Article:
This is a super easy thing to forget to do. After all, it’s probably technically the least important thing on your to-do list. If someone asks you to do a piece of work for them and your response is “no, sorry, I have plans to do nothing right now”, they may not be particularly understanding. If your dishes pile up for a week because you wanted to watch YouTube videos every day, your spouse may not be particularly understanding. And if you prioritise guilt-free time to spend browsing the internet over exercising or cooking your own meals or showering in the morning, it may end up not feeling particularly guilt-free.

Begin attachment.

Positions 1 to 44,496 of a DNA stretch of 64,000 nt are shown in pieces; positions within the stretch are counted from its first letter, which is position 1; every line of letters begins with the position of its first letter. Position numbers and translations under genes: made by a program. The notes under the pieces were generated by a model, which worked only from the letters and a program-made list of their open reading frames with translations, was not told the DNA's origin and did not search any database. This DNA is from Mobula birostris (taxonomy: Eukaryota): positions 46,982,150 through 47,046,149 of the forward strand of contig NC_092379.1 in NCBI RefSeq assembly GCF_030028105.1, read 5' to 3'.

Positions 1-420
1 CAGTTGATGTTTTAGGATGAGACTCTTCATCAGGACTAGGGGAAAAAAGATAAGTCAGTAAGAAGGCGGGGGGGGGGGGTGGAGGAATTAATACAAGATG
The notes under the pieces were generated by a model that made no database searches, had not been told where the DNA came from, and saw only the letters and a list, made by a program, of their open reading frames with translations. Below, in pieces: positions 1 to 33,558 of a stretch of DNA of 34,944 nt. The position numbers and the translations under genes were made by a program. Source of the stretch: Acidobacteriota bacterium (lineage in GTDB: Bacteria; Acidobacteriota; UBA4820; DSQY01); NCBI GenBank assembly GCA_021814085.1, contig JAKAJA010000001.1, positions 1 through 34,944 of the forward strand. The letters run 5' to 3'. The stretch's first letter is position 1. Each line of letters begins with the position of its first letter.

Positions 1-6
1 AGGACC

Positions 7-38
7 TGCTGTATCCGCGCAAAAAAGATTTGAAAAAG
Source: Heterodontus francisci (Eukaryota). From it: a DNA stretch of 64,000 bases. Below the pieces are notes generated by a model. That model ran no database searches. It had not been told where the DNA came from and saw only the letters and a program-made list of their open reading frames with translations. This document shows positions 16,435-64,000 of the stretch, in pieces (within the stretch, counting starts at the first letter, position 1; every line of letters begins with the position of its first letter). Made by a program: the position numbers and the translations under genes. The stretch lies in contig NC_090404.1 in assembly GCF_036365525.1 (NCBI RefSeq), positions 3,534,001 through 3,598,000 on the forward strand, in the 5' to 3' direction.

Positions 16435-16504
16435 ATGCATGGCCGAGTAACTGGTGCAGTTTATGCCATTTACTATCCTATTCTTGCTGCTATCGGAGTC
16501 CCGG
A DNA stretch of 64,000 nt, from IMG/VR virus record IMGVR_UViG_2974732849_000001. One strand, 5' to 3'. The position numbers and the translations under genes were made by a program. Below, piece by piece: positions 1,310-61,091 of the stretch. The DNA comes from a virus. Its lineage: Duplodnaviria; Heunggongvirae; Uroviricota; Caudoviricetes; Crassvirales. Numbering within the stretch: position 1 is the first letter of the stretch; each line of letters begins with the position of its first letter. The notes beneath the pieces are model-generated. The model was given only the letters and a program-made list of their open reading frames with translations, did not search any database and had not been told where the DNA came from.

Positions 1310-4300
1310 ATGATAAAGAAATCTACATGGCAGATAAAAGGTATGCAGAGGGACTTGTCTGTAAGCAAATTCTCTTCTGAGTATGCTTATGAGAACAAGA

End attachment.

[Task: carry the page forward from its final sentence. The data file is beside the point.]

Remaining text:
Here’s the problem though: we do, literally, need this time. So if we don’t actively make time for “doing nothing” during the day, it is going to end up taking over our nights. And this can have far more catastrophic effects on our health than skipping any of the above.
The Effects of Regularly Missing Out On Sleep
It’s well-documented that regularly sleeping for less than 7-9 hours a night is seriously bad for our health. Effects of sleep deprivation include weight gain, difficulty concentrating and making decisions, being unable to control the emotional centres in the brain, a weakened immune system, and a higher risk of both physical and mental health issues, including diabetes, heart disease, depression, anxiety, bipolar disorder, even schizophrenia. Missing sleep can make us anxious, moody, and can even cause hallucinations and paranoia, leading to psychosis.